Final Fantasy XVI (FF16) completely misses the point with its Game of Thrones inspirations, with such a shallow narrative.

The Mothercrystal was concealing a portal from which a monster of ambiguous origin tries to emerge. Cid shoots some lighting at it and is severely hurts in the process. Clive gets sucked into the portal, a big kaiju fight happens, and he reemerges. But, oh no! His really good friend Cid, who has used, lied, and manipulated him from the moment they met, is now mortally wounded. This makes Clive sad/angry.

There’s a melodramatic death scene filled with empty talk of fate and purpose. Then Cid lights a smoke, a thing that he does, and dies. Clive then screams at the ceiling, because God forbid we have one second of quiet. Then they’re attacked by the monster Clive had defeated in the portal. Or maybe it’s some other monster, or maybe a god? Is it the voice in Clive’s head? Cid seemed to know what it was, but we sure don’t, so the threat is totally inert.

It’s all how and no why.

But this is about halfway through the story, so the revelations keep coming! Clive and Jill are rescued from this new threat by Joshua, Clive’s brother, who was presumed dead at the end of the prologue but whom the game has teased was still alive about a dozen times. Joshua saves Clive and Jill by screaming nonsense about “who he is” and conjuring a massive wall of fire in a perfect metaphor for the game’s drama: It’s all flash, no consequence. Is the fire Joshua conjures hot? Does it burn you? Or does it just knock numbers off your health bar? It certainly doesn’t skeletonize you as the wildfire does in Game of Thrones. These aren’t people. They’re action figures.

Clive and his brother don’t even reunite. Clive and Jill pass out, punting this reunion a few more hours down the field.

Wait, there’s more unmotivated drama! We cut to the Hideaway, Cid’s super secret rebel base, being raided by villains. A minor bad guy, acting on behalf of a larger bad guy, had discovered the location of the Hideaway by just following the heroes back there and then told the other bad guys where to attack.

At least Final Fantasy XVI should finally be able to deploy the most blunt instrument in the Game of Thrones arsenal: killing off named characters. So long, Sassy Old Lady Merchant. Sayonara, Aloof Herbalist. Arrivederci, Mysterious Blacksmith. Except, no, nobody important dies. A lot of NPCs get sliced up, one guy gets his eye cut, and that minor bad guy is stabbed, but everyone seems to get away just fine, even when the massive Titan arrives to flatten the Hideaway. That should be cool! Except we cut away before we see it do anything.

Maybe we’ll learn of the consequences of this massive loss when we take control of Clive again?

Nope. Instead, we get a time jump. The game jumps ahead a laughable five years. Do you remember the person you were five years ago? How many moments have you had, how much growth have you undergone, and how much heartbreak, triumph, joy, sadness, anger, failure, and success have you had in the last half-decade? I bet it’s a lot! We see none of this. Clive and Jill appear to be pretty much the same. They haven’t even changed their goddamned outfits!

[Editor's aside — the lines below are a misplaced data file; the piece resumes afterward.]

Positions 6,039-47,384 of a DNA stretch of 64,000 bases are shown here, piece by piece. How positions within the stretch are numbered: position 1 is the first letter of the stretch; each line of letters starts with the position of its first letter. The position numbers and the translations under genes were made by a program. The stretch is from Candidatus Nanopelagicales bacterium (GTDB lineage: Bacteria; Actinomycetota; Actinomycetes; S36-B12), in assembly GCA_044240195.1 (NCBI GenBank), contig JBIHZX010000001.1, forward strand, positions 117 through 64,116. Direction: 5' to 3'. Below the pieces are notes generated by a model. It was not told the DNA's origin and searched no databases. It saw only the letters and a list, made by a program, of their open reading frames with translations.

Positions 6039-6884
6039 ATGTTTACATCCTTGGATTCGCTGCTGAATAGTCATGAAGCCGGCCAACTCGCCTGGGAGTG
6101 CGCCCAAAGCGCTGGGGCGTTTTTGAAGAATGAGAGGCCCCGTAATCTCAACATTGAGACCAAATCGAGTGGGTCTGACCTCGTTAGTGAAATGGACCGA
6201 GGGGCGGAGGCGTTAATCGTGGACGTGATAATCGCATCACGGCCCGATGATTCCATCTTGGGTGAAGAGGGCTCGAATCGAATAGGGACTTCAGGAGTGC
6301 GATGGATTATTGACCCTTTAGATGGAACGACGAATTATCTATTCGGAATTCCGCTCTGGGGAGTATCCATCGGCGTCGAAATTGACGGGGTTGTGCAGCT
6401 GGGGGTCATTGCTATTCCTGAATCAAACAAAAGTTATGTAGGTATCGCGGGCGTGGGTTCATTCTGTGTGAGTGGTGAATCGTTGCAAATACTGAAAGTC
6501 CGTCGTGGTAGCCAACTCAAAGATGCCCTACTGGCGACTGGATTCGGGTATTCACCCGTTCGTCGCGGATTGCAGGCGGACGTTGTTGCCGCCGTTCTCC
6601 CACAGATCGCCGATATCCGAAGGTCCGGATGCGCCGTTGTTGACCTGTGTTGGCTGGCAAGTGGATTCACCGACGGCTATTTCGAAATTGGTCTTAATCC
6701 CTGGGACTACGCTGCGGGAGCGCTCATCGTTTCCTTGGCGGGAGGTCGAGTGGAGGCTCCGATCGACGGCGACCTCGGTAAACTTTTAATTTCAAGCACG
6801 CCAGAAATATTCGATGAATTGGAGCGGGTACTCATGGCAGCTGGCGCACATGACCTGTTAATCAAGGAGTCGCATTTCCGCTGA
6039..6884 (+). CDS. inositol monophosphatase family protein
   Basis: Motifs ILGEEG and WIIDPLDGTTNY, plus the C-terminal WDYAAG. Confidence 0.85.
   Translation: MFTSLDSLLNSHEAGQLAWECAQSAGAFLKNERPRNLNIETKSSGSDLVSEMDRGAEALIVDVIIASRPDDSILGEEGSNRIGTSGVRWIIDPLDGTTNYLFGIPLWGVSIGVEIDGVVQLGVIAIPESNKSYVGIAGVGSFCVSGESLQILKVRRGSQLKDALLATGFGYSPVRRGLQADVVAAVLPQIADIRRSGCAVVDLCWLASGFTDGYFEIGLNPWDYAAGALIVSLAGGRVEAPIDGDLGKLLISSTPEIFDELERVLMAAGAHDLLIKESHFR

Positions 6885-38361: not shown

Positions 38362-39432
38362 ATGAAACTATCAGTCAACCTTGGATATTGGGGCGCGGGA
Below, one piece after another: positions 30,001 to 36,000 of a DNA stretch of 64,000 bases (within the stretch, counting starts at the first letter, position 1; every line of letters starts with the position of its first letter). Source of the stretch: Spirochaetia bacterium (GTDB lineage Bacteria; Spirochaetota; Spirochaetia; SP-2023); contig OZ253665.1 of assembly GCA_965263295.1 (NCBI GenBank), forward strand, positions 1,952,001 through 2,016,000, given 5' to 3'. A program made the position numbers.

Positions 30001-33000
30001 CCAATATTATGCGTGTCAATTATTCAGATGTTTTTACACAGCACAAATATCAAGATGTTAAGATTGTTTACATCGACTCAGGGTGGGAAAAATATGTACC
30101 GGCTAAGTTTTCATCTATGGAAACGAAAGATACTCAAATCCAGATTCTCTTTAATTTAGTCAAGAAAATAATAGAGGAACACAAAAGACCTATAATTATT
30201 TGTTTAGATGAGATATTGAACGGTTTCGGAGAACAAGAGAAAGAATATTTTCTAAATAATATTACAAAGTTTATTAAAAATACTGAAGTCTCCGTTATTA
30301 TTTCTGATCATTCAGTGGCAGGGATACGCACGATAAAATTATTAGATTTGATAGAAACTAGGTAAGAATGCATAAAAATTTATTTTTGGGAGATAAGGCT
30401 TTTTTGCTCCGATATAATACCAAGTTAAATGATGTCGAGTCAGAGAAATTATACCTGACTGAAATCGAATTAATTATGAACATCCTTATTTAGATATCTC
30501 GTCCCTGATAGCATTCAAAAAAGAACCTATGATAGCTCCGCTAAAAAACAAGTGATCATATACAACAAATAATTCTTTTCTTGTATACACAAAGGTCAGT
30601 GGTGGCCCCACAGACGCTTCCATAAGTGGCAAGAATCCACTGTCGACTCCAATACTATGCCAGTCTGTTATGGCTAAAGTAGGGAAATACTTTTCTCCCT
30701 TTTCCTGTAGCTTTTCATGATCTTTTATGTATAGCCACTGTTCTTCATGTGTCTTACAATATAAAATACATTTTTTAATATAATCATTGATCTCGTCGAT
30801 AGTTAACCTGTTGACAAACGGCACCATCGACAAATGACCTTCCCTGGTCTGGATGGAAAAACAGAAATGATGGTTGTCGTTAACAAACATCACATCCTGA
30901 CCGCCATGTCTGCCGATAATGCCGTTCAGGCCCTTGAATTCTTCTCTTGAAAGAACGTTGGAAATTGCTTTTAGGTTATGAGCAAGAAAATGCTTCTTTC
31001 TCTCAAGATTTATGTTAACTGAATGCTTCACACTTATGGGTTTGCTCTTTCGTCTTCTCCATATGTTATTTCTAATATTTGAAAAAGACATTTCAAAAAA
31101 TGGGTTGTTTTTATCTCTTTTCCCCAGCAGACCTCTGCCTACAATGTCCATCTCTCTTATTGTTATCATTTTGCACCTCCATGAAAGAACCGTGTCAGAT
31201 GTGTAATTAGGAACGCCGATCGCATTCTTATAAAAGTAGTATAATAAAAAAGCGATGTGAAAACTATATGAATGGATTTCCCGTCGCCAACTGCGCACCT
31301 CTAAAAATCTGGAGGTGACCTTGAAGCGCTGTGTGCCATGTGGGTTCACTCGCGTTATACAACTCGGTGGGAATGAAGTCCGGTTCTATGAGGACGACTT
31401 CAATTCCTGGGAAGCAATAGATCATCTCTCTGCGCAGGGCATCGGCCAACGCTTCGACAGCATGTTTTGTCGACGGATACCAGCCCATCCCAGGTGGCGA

We are shown absolutely nothing of the consequences of our character’s actions. The five-year time jump completely deflates whatever the emotional impact Cid’s death or the destruction of the Hideaway may have had. We don’t see anyone mourn Cid (then, at least), and there seem to have been minimal consequences to the Sanbreque Mothercrystal’s destruction. The Resistance’s new Hideaway seems pretty rad, and all those memorable characters are still alive, ready to sell you slightly better swords and slightly better potions. Worse, Clive is still a miserable asshole complaining about his dangerous “power,” which we, the audience, are no closer to understanding.

Final Fantasy XVI has none of the patience of its supposed influence material. You can definitely make the argument that Game of Thrones wasn’t very emotionally mature either, but at least it understood that those indelible, culture-grabbing moments only grabbed the culture in the first place because there was space and time in-between the big battles and betrayals for breath and reflection. FFXVI does give its moments space, but that space is filled with Clive effortlessly kicking the shit out of monstrous plants or sidequests about people getting lost 100 meters away from the person looking for them.

It’s why people are still salty over the ending of Game of Thrones. The show’s internal consistency over alliances, motivations, and even geography was discarded in favor of big set-piece moments and end-of-episode twists, and even those were poorly handled. Daenerys Targaryen’s turn to evil didn’t come out of nowhere; it was very deliberately set up through the run of the show, but the actual moment she flips is terrible. All her scheming, planning, and benevolence fall apart when she realizes the people of King’s Landing aren’t stoked to have a conqueror flying over their city on a dragon, and she just sort of snaps. They don’t even give her a line! Emilia Clarke was pretty good at playing Dany, but asking an actor to communicate all that with just her face is borderline cruel.

Just like Diablo IV, Final Fantasy XVI uses the iconography and cultural connection we have with a piece of art that it has neither the patience nor the understanding to emulate properly. It’s not for lack of trying — it’s obvious a lot of money went into the game’s story — but when that story is as shallow, unmotivated, and ignorant of human behavior as this one, I’d rather it not have one at all.

About the author

Colin Munch
Colin has been writing online about storytelling in movies, TV, and video games since 2017. He is an actor, screenwriter, and director with over twenty years of experience making and telling stories on stage, on the page, and on film. For The Escapist, he writes the Storycraft column about, you guessed it, storytelling in movies and video games.